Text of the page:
Now that the final results from the 2018 midterm elections have — mostly — been tabulated, it is a good time to reflect on the fundamental health of our democratic republic.
Most analysts and pundits have focused on individual races and their impact on the balance of power in Washington, D.C., as well as the various statehouses and legislatures. These analyses, however, fail to acknowledge the true implications of November’s results.
Rather than speculating about whether liberalism is ascending or conservatism declining, we should ask what the election results say about the state of our political system.
Distilled to its essence, a binary analysis provides snapshots of our electoral system that yield little insight into where our republic stands and where it is headed. In fact, this form of analysis is a reflection of what U.S. historian Richard Hofstadter once termed “The Paranoid Style in American Politics.” The fate of Western civilization appears to hinge on the outcome of every election.
This atmosphere has led us to demonize our enemies and see “compromise” as a pejorative term. The prospects for a healthy democracy are dismal when perceived in this manner.
There is, however, an altogether different approach that is far more illuminating and optimistic. This approach entails taking a perspective that is rigorously nonpartisan and divorced from political ideology. It focuses on the viability of our political philosophy.
When we use this broader analysis, we can identify key criteria that speak to what is actually important about our elections.
We must consider how the constitutional norms established in 1789 give us the resilience necessary to survive in an increasingly interconnected, yet simultaneously fractious world.
The United States must also remain a beacon of hope and our political culture a model for other nations seeking a new and freer way of governance. The U.S. political system has historically been predicated on the fundamental idea that our differences do not have to divide us.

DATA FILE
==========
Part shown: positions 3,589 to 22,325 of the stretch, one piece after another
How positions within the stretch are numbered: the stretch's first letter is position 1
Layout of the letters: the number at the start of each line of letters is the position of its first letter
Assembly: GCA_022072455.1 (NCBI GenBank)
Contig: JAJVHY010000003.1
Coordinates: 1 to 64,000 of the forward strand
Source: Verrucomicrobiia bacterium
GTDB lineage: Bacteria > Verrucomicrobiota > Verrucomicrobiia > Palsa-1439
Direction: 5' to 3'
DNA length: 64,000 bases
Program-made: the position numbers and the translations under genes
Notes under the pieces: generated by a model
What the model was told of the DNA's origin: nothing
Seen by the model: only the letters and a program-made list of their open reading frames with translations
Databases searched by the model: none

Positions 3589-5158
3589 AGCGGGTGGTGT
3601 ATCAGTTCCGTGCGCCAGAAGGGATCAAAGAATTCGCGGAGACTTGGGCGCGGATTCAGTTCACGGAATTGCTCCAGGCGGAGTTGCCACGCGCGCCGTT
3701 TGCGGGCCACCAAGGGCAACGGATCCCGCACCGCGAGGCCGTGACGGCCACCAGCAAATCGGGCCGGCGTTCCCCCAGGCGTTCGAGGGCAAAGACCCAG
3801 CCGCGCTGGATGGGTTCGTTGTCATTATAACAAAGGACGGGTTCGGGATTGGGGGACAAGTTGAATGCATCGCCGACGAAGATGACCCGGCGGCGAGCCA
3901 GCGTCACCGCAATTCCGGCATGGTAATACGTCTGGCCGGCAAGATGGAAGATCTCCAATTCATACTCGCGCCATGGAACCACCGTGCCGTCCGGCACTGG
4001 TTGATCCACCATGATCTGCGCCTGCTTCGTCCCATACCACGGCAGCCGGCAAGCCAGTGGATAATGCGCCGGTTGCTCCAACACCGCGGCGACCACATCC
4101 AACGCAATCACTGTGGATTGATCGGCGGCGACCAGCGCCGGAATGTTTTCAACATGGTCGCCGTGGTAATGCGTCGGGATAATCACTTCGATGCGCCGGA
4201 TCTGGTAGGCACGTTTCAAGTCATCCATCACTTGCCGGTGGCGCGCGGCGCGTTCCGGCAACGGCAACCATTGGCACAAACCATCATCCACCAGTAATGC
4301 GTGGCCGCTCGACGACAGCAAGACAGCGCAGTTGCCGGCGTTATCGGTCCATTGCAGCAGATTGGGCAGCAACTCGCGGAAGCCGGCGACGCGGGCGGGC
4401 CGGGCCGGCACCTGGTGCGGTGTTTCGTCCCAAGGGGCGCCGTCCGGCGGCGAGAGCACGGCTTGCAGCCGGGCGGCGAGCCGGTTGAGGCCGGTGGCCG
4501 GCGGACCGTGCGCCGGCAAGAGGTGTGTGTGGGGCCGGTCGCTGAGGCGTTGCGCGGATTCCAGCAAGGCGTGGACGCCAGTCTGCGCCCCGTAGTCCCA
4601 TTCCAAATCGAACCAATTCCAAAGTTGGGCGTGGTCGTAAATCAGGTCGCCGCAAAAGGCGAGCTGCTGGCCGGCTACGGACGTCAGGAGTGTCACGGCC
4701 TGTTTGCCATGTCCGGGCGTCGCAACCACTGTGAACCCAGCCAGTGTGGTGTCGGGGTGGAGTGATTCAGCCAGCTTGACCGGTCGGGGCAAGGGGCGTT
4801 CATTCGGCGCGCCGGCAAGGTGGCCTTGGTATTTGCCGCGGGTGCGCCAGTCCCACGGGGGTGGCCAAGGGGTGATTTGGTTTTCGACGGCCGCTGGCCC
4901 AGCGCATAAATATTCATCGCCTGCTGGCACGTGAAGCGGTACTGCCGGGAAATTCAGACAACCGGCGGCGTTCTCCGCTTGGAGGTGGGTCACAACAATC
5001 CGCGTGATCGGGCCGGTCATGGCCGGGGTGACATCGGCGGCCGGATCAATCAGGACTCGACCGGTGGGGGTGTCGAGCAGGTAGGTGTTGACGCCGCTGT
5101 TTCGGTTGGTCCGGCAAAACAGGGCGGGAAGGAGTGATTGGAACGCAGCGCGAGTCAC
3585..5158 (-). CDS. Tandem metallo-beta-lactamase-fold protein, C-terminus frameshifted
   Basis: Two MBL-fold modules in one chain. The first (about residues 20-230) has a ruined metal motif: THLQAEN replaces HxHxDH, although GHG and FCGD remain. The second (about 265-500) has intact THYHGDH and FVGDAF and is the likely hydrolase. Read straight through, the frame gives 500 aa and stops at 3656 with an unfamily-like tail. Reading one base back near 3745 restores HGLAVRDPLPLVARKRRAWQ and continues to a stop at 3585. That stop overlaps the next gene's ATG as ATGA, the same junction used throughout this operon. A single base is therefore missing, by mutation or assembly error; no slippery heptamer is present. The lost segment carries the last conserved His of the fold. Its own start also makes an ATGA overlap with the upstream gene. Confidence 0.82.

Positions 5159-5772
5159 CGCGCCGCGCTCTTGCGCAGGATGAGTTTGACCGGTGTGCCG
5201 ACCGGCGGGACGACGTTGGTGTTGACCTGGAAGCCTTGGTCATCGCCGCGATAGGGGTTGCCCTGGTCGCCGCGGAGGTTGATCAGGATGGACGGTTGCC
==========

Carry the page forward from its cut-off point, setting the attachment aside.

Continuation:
Rather, we gain strength through our diversity of gender, race, national background and faith. That diversity is the underlying point of E Pluribus Unum, the U.S. motto. The United States can only remain a credible exponent of liberal democracy by continuing to embrace people and ideas from a variety of origins.
While drawing conclusions about the long term from a single election is difficult, I think the results of the 2018 midterms augur well.
The country’s recently exacerbated polarization may actually have done more to reinvigorate and advance U.S. democracy than any other factor in the last quarter-century.
For years, political scientists and other observers have decried falling participation rates in elections. This trend appears to have been reversed in the most recent midterm election. A greater percentage of eligible voters cast ballots in 2018 than in all midterm elections since 1966. The closeness of many races has finally exposed the lie in the sentiment that single votes do not make a difference — they can and do.
Additionally, more Americans who are women, people of color, of non-European descent and adherents to non-Christian faiths sought and attained public office than at any other time in our history. The rules and procedures of the Congress are under review; those meant for an elderly, homogenous, Christian, male body are giving way to the needs of young mothers with children.
These seemingly surface changes herald a seismic cultural change. They reflect an acknowledgement that our government’s infrastructure must adapt to a profoundly different population of leaders — one more representative of today’s Americans and more in touch with their needs.
The United States may even be experiencing the beginnings of a return to civility.
This week, D.C. is celebrating the life of our 41st president, George H.W. Bush, the embodiment of American civic virtue. That all can honor such a person and regret his passing, regardless of party affiliation, gives hope that we can move forward with more respect and civility.
Rather than despair the short-term mistakes of our politicians, we should use them as opportunities to renew our democracy so that we can have, once again, what President Abraham Lincoln so eloquently called “a new birth of freedom.”
Raymond Dillon graduated from the College of Arts and Sciences in 1977. He is an opinion contributor to The Hoya.